A fragment of a song has been stuck in my head for four decades. It floats along the neuron path, settles into the memory area, and suddenly erupts involuntarily from my mouth. It's four words, "...doin' the Eagle Rock..." I heard it on a local radio station twice in '71, thought it was pretty good, then never heard it again. But that damn line kept coming back to me. I've been telling myself lately, "Go to YouTube, see if it's there." But between that thought and actually sitting down to look at YouTube the memory has been going back into its hidey-hole in my gray matter.
Tonight I finally got it together enough to look for "Eagle Rock" by Daddy Cool...
Daddy Cool is an Australian band, and "Eagle Rock" was number one on the charts for ten weeks Down Under. I guess it just didn't go over in the U.S. It's not that we reject all things Australian...I'm thinking Bee Gees, INXS, Russell Crowe, Nicole Kidman, Mel Gibson (uh, we'd like to send Mel back, if that's OK with you.) The fantastic lead vocals for Daddy Cool are by Ross Wilson, and the lead guitar is Ross Hannaford, neither of whom I'd seen or heard of before tonight. So it's been something of an epiphany. My apologies to all Daddy Cool fans who have been listening to this band for 40 years. You've known all along and I'm just a Johnny Come Lately.
I didn't have time to listen to all their songs, but picked out some I thought might be interesting to fellow Americans. First one I came up with is "Gee."
"Gee" is a great old doo wop song, and it blew shards out of my overworked mind to see a gaggle of Aussie hippies doing perfect doo wop harmony. I instantly understood the problem this would pose for Americans. We are very into IMAGE; it is everything. You have to look the part to meet public expectations. You wanna do Barry Manilow songs? Comb your hair, wear suits like Barry. Same for Frank Sinatra imitators, Beatles, or whomever. You have to look the part.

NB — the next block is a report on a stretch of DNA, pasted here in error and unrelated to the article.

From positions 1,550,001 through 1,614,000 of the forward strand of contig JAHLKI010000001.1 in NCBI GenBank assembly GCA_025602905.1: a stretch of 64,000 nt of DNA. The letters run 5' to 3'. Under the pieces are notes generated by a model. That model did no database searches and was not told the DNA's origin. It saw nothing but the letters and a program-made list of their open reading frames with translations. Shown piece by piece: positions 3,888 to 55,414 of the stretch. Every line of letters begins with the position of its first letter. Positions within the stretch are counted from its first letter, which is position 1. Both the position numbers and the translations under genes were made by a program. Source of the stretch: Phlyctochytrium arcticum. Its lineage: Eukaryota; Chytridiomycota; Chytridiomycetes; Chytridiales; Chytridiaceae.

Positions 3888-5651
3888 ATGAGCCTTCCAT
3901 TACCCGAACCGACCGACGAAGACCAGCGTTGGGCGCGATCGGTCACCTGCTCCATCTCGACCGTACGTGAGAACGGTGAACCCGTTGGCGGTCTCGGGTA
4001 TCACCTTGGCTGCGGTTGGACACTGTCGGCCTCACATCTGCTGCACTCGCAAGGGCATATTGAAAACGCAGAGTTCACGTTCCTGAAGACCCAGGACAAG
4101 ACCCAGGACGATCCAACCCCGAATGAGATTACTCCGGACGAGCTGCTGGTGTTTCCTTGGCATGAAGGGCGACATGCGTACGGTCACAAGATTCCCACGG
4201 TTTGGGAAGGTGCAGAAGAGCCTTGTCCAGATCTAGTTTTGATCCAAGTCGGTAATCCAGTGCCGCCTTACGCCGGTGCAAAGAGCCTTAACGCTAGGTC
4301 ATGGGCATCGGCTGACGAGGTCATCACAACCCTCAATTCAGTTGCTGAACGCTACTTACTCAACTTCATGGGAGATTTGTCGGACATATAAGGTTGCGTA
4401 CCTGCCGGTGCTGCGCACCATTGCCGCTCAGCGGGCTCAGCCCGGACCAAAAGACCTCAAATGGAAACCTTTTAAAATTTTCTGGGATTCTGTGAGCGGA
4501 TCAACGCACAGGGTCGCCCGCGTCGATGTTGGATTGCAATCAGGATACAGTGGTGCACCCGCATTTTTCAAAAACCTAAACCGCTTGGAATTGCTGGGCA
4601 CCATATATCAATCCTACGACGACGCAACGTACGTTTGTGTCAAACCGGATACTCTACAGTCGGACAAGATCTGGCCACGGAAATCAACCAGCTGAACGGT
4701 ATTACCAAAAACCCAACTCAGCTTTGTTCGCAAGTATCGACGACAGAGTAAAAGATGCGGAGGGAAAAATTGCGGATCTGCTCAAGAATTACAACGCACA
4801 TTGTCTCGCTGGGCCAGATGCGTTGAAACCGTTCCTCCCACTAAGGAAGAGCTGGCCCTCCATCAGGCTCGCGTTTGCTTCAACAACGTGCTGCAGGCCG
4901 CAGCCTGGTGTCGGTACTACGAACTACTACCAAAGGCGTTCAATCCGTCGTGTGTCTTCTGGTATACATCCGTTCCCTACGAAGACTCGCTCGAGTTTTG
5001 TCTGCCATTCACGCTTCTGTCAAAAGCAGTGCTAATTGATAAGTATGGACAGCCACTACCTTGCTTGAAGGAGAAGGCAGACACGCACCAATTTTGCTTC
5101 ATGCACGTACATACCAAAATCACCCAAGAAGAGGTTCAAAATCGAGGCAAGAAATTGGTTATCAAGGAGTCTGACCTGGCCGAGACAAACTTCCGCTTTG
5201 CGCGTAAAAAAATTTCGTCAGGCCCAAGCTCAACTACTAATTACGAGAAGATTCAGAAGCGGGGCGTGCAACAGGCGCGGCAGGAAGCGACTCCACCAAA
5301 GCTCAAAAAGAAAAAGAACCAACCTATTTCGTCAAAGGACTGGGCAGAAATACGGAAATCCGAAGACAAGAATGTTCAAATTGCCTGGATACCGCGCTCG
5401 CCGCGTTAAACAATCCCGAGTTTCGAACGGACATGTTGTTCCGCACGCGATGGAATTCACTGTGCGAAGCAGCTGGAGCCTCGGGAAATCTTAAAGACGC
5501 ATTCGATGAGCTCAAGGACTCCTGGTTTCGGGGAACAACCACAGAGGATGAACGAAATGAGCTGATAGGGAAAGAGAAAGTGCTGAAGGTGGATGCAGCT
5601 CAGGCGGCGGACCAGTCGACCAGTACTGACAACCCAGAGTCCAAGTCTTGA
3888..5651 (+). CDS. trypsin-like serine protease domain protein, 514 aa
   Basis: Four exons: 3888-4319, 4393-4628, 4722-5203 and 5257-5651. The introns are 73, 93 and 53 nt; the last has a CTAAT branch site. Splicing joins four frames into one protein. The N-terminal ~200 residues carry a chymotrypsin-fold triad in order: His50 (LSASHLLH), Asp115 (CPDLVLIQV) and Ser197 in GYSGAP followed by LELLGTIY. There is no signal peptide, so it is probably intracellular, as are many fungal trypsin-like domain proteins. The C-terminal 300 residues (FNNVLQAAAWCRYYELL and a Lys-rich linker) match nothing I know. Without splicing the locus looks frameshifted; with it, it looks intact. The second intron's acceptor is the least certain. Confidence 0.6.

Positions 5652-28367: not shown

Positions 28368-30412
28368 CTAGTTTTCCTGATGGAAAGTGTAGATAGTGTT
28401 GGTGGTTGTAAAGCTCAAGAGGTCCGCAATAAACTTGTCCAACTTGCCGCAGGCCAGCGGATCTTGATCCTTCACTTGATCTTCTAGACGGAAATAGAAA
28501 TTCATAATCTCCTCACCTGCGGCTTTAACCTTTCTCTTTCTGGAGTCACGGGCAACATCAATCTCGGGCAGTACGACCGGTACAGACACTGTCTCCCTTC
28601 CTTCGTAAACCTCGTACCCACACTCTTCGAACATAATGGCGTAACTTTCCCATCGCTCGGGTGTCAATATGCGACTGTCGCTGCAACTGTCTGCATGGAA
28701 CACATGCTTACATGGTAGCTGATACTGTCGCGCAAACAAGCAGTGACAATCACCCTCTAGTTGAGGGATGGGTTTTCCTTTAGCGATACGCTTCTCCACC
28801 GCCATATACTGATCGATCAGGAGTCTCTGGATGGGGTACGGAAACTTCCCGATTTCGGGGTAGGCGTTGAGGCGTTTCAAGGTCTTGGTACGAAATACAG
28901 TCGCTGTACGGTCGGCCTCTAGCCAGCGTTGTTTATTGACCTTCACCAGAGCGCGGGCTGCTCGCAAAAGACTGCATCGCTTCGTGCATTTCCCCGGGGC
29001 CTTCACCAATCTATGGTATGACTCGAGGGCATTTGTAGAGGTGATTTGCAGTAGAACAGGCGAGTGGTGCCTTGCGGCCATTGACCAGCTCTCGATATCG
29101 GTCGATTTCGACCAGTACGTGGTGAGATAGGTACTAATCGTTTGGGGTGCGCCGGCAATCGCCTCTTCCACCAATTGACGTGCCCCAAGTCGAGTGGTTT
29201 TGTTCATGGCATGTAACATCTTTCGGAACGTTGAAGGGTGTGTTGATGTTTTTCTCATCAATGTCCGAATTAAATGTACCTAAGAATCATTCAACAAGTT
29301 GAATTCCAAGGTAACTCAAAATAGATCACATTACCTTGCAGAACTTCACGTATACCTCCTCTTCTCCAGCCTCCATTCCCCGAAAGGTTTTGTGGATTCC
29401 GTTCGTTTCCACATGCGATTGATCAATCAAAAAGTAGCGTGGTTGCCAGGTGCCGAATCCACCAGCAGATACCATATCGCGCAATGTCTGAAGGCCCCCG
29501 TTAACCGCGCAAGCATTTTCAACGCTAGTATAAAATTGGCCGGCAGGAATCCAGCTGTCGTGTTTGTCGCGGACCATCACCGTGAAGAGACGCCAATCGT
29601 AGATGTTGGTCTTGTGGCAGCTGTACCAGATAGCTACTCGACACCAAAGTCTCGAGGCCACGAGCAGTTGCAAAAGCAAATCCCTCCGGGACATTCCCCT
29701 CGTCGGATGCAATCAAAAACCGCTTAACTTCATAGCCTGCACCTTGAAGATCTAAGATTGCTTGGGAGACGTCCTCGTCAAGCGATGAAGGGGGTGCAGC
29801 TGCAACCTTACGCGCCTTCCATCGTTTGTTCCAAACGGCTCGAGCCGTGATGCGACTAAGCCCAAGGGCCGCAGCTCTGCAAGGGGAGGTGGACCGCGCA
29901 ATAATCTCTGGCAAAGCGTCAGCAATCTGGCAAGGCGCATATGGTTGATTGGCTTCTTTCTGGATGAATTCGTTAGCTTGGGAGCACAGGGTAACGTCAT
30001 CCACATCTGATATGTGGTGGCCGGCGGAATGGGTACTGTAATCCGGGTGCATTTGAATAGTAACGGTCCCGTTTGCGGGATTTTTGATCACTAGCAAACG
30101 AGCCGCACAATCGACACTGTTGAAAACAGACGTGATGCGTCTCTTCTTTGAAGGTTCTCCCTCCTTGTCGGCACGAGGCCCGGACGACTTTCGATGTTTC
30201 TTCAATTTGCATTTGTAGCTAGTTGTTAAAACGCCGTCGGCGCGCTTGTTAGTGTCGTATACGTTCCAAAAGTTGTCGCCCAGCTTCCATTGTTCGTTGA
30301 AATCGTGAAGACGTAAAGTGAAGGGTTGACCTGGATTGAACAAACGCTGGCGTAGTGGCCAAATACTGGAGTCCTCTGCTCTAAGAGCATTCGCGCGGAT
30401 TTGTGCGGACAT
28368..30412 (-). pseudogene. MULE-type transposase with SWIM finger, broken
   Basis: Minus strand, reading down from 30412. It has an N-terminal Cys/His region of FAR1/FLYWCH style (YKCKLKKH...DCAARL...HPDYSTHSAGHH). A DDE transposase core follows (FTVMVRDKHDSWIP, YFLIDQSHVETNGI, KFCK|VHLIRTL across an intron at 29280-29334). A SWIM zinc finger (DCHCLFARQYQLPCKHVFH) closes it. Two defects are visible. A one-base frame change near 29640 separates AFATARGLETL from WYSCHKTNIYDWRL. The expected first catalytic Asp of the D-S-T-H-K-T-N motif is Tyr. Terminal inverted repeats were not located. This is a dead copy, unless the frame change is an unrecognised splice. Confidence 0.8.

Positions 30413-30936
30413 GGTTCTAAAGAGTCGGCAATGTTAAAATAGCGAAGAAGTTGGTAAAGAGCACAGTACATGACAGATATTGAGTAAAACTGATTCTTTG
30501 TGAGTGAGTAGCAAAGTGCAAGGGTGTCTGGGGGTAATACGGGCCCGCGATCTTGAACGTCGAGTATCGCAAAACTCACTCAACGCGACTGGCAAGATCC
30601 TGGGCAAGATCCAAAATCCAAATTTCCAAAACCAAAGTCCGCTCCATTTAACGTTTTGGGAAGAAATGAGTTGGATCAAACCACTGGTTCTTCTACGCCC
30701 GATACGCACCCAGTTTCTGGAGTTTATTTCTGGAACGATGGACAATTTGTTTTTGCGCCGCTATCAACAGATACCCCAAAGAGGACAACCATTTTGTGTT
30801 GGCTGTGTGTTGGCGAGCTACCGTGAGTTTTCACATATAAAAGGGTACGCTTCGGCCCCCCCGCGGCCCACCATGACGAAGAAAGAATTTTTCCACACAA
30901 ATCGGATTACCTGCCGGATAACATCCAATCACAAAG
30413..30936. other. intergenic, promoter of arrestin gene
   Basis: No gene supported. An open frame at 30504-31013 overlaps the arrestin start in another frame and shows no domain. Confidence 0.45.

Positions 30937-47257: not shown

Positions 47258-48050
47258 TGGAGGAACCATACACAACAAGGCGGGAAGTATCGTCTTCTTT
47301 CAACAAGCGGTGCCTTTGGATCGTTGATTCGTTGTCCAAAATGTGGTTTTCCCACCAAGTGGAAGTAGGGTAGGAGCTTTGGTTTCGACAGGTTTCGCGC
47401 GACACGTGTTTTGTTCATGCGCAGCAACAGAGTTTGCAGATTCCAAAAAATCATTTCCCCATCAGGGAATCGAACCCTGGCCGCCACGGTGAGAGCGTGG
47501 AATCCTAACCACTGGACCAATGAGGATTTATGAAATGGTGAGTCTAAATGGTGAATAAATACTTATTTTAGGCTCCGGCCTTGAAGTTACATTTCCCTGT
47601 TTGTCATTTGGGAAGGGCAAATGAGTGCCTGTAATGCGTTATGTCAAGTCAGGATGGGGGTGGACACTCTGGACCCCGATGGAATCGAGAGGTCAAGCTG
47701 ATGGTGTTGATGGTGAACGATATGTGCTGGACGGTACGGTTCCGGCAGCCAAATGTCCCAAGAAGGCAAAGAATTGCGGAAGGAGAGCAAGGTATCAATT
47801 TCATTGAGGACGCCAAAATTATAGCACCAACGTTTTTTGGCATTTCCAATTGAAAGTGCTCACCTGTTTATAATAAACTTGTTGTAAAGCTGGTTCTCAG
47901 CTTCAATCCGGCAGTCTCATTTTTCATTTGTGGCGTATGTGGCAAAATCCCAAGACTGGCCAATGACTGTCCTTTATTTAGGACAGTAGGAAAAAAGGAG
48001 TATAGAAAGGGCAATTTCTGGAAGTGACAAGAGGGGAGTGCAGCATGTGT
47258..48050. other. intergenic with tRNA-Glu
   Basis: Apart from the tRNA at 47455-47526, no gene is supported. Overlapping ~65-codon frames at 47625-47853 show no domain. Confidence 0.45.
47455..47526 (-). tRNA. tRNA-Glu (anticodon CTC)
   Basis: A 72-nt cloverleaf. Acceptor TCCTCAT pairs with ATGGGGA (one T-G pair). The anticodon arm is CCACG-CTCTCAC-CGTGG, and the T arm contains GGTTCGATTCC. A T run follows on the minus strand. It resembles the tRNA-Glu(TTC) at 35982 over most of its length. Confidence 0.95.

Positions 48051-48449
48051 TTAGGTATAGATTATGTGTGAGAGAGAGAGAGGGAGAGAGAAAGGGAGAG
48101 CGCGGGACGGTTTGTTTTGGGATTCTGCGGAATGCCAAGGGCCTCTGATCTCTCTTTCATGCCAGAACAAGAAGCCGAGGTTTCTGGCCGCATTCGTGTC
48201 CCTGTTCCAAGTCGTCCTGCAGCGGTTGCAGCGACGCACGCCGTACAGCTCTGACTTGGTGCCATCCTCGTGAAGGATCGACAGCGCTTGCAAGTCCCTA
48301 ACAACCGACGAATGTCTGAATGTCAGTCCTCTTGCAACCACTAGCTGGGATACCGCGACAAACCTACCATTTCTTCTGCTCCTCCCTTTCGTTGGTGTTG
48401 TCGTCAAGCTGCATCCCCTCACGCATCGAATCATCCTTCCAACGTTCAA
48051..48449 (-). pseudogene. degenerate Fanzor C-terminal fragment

I can hear the American rock promoter now: "These guys look like fukn Jethro Tull and sound like fukn doo wops." Americans could not handle the disparity. We had bands like Sha Na Na who dressed as 1950's greasers, with gold lamé costumes, sleeveless tees and duck's ass hairdos to project the image.
However, there is always Chuck Berry. But then, Chuck Berry wasn't doo wop. He was roots rock, the rootsiest roots rock there is, right from the start of the rock era. The Rolling Stones, the Beatles, every band in the world has done Chuck Berry in homage to American rock and roll:
Then I went back to the YouTube listings and came up with two more songs. "I'll Never Smile Again" sent my mind spinning like a 33 at 78.
So now I know, one of the greatest American roots rock bands wasn't even American. I thought, surely these guys can't still be around after 40 years, but I found a video of "Eagle Rock" being performed live in 2006 and despite the guys having quit the hippie look, they sound much as they did in 1971.
And that's cool, Daddy!